This post was originally published on February 13, 2020 on my blog.
Since the first time I saw the passage below, I haven't been able to get it out of my head:
Striving is fine, as long as it's tempered by the realization that, in an entropic universe, the final outcome is out of your control. If you don't waste your energy on variables you cannot influence, you can focus much more effectively on those you can. When you are wisely ambitious, you do everything you can to succeed, but you are not attached to the outcome-- so that if you fail, you will be maximally resilient, able to get up, dust yourself off, and get back in the fray. That, to use a loaded term, is enlightened self-interest.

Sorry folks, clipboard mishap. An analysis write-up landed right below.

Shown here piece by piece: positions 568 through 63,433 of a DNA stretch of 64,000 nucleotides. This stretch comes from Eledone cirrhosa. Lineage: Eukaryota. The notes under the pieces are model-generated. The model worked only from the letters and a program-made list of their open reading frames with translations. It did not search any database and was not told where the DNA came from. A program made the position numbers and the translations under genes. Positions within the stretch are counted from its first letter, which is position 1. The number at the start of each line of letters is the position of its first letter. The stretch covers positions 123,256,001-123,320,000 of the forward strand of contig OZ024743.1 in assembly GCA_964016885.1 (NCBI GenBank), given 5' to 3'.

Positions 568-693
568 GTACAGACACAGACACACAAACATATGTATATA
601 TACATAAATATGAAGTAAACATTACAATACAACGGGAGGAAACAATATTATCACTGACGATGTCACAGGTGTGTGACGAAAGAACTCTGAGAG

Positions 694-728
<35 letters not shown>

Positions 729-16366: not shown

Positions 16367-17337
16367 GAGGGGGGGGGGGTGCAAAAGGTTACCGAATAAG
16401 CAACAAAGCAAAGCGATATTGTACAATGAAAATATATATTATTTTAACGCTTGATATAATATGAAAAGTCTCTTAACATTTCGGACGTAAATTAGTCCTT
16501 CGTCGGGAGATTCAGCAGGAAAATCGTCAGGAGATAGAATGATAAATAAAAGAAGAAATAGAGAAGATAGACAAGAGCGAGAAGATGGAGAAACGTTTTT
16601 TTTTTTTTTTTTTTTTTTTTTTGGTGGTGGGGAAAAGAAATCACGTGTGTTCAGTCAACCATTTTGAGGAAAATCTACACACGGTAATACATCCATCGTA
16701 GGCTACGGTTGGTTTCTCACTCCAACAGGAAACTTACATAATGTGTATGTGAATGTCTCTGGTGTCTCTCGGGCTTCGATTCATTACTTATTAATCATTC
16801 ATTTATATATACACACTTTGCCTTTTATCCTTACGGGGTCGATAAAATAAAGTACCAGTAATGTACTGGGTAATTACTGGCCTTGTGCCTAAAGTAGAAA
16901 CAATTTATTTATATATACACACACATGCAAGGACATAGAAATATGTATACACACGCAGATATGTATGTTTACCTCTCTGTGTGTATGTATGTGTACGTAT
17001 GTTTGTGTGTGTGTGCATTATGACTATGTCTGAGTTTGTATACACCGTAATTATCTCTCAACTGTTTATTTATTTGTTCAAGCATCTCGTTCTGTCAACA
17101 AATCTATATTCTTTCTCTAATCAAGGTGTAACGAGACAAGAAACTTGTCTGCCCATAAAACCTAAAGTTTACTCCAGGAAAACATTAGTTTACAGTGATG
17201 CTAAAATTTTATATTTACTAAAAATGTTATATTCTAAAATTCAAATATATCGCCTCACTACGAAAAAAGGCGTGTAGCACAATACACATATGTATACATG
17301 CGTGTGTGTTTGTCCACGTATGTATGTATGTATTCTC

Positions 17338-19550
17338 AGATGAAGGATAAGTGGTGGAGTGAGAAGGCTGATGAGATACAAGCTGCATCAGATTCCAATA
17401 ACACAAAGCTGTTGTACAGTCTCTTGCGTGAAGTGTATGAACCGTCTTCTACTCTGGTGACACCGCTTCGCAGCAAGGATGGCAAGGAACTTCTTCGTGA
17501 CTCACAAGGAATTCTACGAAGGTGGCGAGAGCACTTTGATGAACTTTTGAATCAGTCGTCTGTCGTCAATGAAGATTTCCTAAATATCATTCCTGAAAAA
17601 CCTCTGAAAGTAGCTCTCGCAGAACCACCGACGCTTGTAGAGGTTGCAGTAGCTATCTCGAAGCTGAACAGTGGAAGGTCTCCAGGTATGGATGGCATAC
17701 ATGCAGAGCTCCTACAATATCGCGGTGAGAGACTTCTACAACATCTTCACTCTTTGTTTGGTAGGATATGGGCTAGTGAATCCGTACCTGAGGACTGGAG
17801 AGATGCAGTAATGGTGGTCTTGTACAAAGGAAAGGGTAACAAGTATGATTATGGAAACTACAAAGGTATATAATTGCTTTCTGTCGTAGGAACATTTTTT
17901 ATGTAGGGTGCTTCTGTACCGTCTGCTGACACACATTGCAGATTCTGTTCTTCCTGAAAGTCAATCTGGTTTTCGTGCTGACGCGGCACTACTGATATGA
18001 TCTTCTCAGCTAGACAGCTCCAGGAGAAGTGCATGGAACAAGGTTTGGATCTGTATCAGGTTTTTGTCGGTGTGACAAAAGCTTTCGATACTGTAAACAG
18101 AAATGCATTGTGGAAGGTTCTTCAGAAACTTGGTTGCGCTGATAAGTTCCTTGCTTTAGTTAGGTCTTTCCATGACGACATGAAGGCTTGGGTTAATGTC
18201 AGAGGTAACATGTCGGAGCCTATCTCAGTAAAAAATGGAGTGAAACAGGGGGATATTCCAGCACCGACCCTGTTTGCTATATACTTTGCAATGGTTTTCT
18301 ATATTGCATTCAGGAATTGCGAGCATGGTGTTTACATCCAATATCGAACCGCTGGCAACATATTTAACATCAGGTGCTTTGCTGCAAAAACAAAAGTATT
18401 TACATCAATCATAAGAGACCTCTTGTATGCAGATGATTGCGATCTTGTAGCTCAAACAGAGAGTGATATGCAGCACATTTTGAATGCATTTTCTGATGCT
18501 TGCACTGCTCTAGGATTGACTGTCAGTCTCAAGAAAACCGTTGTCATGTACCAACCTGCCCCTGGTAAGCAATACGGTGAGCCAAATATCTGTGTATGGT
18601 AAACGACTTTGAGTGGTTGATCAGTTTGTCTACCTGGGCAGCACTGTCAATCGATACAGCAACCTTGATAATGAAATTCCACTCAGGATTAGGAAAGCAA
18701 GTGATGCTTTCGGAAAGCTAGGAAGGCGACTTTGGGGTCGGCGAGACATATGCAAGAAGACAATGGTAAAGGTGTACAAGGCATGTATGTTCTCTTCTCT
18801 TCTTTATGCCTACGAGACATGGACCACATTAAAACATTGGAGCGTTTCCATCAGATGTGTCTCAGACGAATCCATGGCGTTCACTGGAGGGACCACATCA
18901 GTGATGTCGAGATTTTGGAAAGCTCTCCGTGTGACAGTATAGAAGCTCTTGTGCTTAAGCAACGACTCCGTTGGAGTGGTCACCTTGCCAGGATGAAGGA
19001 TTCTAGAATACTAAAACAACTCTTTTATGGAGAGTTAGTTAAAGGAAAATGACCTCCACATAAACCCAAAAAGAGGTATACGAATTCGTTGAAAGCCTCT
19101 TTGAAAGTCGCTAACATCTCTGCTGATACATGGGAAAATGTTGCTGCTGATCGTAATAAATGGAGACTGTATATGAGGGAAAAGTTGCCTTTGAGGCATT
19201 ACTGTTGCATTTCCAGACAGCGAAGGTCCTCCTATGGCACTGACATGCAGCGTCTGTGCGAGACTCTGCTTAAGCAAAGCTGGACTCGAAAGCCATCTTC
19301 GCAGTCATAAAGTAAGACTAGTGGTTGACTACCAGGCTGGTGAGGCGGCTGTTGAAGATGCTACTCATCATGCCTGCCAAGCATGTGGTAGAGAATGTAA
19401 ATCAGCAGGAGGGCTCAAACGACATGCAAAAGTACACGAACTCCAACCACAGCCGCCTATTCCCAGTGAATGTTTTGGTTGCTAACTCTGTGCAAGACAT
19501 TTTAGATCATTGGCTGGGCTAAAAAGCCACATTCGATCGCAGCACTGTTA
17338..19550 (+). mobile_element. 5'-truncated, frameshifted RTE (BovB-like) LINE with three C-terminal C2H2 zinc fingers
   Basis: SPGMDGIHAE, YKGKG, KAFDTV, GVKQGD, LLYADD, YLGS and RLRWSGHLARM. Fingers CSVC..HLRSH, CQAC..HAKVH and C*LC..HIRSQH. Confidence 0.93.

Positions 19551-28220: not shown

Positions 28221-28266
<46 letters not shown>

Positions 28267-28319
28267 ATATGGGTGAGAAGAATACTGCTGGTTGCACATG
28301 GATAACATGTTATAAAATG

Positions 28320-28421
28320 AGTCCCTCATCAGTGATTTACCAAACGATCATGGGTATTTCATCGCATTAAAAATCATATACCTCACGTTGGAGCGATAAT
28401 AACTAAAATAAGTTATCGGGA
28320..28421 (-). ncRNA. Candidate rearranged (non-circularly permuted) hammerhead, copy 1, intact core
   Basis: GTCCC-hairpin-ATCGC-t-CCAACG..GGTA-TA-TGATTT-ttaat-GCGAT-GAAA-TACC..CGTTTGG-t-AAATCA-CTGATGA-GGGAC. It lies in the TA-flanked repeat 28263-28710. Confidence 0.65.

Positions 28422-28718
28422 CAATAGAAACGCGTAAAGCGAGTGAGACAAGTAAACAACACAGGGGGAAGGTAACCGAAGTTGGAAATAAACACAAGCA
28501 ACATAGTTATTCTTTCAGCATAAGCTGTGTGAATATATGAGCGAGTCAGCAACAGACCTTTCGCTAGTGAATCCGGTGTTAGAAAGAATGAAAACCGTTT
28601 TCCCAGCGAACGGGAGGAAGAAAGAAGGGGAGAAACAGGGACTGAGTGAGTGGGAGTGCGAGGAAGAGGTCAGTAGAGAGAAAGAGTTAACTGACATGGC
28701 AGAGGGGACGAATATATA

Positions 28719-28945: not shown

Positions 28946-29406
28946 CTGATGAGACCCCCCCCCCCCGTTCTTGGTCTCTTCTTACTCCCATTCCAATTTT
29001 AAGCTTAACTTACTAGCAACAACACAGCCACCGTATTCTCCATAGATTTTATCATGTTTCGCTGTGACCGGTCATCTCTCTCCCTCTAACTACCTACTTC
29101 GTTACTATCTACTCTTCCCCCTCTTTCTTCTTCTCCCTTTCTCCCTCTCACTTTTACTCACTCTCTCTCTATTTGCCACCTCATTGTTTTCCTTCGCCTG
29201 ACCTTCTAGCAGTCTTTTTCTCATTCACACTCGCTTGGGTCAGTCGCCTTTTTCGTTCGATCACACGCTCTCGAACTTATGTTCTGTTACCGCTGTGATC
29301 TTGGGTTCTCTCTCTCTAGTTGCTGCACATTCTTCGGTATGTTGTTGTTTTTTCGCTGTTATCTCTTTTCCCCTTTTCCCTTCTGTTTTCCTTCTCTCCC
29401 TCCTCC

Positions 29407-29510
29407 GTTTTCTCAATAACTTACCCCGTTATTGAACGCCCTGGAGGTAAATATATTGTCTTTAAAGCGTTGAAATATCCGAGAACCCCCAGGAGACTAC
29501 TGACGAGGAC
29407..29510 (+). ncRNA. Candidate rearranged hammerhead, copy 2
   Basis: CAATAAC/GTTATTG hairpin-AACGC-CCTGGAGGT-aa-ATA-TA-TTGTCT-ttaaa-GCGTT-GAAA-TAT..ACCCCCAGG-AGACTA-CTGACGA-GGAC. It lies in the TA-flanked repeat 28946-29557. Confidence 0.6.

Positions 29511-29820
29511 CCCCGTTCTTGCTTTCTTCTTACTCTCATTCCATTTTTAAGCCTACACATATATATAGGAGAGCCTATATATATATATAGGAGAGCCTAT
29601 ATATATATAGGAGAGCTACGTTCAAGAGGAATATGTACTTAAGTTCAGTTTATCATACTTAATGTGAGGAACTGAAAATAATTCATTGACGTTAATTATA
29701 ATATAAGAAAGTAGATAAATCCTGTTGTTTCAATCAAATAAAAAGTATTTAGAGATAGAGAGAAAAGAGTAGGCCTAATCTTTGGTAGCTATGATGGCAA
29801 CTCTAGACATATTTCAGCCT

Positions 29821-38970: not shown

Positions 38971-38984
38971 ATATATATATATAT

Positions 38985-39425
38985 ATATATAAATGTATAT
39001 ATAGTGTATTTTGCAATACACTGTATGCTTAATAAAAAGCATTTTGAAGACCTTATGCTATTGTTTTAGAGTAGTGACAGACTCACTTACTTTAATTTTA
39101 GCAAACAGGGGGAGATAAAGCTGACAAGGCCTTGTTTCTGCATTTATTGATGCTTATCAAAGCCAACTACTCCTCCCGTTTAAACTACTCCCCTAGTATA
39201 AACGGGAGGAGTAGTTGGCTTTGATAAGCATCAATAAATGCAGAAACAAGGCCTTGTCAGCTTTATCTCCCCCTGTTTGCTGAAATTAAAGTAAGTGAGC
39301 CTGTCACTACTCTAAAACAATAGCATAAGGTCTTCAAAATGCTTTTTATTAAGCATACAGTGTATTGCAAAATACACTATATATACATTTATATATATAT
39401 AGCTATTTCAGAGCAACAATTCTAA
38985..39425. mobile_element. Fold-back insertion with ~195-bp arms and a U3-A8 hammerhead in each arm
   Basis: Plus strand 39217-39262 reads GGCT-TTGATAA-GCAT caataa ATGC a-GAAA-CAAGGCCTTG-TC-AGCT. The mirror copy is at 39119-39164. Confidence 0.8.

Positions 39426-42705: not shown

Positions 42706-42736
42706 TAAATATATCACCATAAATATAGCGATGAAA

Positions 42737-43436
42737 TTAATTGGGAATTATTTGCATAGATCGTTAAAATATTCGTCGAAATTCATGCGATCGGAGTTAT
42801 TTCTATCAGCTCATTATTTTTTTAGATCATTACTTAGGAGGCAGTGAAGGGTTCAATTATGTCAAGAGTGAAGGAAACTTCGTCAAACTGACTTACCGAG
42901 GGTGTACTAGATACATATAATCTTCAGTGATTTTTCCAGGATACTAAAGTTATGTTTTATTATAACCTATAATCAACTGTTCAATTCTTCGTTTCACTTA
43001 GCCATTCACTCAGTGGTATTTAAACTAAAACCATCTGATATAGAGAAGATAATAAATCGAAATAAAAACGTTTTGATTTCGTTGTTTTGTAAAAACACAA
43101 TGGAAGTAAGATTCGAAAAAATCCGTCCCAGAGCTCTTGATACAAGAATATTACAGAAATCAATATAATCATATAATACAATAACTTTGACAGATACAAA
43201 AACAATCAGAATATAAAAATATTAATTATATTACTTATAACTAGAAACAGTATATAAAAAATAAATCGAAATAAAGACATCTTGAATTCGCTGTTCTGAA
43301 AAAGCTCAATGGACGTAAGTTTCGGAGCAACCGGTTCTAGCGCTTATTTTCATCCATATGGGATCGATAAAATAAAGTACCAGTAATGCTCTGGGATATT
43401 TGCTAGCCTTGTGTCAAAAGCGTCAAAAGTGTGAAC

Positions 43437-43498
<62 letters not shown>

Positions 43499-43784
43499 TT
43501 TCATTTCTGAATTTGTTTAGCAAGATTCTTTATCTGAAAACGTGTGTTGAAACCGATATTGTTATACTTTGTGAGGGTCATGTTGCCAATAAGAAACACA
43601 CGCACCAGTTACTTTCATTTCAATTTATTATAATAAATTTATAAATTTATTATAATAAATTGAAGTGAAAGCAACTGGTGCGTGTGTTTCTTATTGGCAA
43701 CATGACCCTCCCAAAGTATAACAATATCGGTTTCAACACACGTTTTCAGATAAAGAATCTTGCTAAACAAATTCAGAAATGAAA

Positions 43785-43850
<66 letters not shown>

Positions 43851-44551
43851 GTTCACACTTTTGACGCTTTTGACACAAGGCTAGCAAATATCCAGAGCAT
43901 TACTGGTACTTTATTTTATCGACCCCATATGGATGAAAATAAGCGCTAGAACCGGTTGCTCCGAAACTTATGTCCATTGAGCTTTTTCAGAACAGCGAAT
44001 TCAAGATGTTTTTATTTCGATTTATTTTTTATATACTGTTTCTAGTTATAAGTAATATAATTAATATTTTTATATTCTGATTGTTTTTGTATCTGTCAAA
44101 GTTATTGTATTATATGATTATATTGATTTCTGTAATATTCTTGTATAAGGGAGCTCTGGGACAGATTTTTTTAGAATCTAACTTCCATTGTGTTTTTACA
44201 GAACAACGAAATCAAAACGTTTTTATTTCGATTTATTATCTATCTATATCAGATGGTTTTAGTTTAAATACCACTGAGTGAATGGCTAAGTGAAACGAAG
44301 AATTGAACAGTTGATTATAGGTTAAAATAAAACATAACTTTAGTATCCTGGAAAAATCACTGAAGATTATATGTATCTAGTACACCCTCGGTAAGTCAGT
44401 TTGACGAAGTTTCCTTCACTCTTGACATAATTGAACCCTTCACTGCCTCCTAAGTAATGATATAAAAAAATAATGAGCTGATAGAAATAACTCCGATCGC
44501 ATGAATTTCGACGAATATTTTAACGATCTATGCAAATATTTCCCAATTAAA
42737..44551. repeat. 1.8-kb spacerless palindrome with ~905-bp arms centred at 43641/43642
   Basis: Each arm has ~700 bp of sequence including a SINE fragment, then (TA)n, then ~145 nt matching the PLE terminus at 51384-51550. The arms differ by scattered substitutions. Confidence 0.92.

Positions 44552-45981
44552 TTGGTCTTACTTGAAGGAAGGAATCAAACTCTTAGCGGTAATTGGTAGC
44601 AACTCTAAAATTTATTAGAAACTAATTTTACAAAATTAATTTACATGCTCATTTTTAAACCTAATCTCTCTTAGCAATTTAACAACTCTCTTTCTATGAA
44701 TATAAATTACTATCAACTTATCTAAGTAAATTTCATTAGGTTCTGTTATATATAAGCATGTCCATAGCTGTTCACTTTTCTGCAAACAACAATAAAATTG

Dan Harris, 10% Happier
If this isn't something that inspires consistent action day after day after day, then I don't know what is.
Each time I come up against something that's really tough right at the beginning, I think of this quote just as my motivation starts to slip. And each time I do something a bit out of my comfort zone (apply to a job that's way out of my league, start in on a complicated side-project, or get rejected in any way), I think of this and of how important not being overly attached to the end result is.
It's a bit like a 'what's the worst that could happen' reminder paired with the idea that everything always works out in the end - and it definitely gives me a healthy dose of perspective to keep on keepin' on.
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